Great brands and communications are always built on a foundation of who you are and what you stand for in the world. Ask Susan G. Komen For the Cure about what happens when your supporters disagree with your values and, by extension, your politics.
When Komen leadership decided to shift its support toward a more conservative set of values, it caught the attention — and ire — of a previously loyal marketplace. In the new world of relationship building, people want to do business with organizations — and companies — whose values support their own. When companies make decisions that reflect a new emerging set of values, they need to consider how it will impact their existing relationship with the marketplace and choose wisely.
The new-found voice of the marketplace will tell you what consumers and supporters think — and they won’t pull any punches when they do.
Budgets for communications have been plummeting almost as fast as the results they are generating. Consumers have a new power to their voice and they aren’t afraid to use it.
Transparency has changed everything. The marketplace knows when you’re not telling the truth. BP became a perfect example of what happens when your communications and operations are guided by different sets of values.
What you do is only part of the equation — what you stand for is the rest. The marketplace is demanding that companies be truthful and have a conscience.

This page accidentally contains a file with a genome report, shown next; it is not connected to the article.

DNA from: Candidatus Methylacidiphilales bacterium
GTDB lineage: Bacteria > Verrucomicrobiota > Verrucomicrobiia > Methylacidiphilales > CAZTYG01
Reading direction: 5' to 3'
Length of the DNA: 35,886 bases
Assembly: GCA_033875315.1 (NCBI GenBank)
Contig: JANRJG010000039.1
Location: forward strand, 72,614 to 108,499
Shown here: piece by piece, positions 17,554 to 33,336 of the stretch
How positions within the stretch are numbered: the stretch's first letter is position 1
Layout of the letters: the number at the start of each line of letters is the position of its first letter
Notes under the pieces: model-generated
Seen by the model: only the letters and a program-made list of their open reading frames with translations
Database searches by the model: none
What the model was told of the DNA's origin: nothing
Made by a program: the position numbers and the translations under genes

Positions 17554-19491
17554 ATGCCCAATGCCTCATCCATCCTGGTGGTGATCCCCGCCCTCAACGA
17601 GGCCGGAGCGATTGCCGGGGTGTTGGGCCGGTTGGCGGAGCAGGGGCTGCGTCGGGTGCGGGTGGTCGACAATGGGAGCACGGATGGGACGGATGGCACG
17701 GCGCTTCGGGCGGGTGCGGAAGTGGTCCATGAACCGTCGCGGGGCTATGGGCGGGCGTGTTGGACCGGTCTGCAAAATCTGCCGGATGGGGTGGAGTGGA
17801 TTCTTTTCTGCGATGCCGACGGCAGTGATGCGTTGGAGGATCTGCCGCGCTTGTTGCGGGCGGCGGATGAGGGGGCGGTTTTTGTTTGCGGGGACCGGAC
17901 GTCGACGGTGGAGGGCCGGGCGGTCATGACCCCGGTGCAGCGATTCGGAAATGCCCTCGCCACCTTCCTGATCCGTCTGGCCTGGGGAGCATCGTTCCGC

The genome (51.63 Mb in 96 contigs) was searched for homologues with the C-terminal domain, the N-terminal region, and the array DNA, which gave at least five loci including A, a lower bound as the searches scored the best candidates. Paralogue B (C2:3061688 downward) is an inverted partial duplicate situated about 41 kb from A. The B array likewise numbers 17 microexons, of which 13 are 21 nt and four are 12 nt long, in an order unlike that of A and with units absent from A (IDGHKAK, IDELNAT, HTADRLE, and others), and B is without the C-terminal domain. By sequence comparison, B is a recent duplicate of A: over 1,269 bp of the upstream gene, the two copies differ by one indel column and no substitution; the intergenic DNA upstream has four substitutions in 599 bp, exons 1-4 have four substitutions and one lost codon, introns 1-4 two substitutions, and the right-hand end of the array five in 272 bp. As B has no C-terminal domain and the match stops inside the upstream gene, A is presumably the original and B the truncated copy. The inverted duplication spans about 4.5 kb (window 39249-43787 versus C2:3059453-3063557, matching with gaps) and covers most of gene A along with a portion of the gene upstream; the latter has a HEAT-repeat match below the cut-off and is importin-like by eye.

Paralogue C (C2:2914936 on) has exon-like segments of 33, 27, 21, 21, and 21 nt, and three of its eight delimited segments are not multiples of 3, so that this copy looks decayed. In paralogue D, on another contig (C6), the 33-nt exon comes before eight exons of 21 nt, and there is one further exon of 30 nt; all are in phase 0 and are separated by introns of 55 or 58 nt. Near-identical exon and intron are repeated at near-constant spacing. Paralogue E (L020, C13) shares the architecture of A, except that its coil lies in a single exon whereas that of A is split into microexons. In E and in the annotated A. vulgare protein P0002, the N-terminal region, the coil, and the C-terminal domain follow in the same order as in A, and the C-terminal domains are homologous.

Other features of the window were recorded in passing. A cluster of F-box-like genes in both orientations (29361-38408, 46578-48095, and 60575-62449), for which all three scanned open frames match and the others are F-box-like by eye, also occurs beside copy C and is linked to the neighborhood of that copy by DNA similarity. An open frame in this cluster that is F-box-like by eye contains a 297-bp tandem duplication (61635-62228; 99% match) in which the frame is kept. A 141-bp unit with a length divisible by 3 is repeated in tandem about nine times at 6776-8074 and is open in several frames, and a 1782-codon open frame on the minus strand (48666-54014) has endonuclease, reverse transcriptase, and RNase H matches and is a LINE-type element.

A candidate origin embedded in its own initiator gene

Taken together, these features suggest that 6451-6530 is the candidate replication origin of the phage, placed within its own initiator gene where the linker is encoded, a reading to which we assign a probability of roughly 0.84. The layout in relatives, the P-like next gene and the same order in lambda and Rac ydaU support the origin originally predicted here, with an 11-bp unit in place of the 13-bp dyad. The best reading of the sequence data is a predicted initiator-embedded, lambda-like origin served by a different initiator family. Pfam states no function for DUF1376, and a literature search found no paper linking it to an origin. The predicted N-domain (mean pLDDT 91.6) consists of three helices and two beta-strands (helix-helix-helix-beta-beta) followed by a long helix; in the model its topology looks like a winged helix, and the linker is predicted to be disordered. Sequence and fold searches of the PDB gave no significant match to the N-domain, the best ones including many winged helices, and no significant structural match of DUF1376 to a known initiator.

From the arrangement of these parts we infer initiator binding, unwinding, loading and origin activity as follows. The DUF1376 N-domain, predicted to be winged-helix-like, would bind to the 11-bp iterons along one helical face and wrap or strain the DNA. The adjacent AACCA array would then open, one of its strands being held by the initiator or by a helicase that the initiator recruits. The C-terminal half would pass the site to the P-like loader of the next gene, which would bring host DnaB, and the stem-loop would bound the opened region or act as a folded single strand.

In which direction do you orient your compass to stay ahead of the fray and back in the business of successfully engaging loyal customers?
●You should be scrambling right now to find a way to redefine your brand. What is authentic about what you’re trying to create and what do you stand for in the world? If you can’t answer these questions quickly and concisely, pull up a whiteboard and figure it out.
●Work diligently — every minute of every day — to align your actions and your words with your authentic brand purpose and what you stand for in the world. Your brand identity, values and personality should be clearly conveyed in all your words and all your actions. Assess every decision by its ability to move you closer to living your aspirational purpose and values. And, if you choose to change the course of what you stand for — like Komen did with its Planned Parenthood decision — make sure you have considered the impact it will have on both sides of your marketplace relationship.
●Engage in two-way conversations with your audiences. Find as many ways as possible to hear your customers, engage with them and meet them where they are. Some new tools to help you do that are the sites Pinterest, Reddit and Quora. If you don’t know what’s happening there get hopping!
The revolution in communications will wait for no one.
Susan Waldman is co-founder and vice president of strategic services for ZilYen, a marketing firm based in D.C.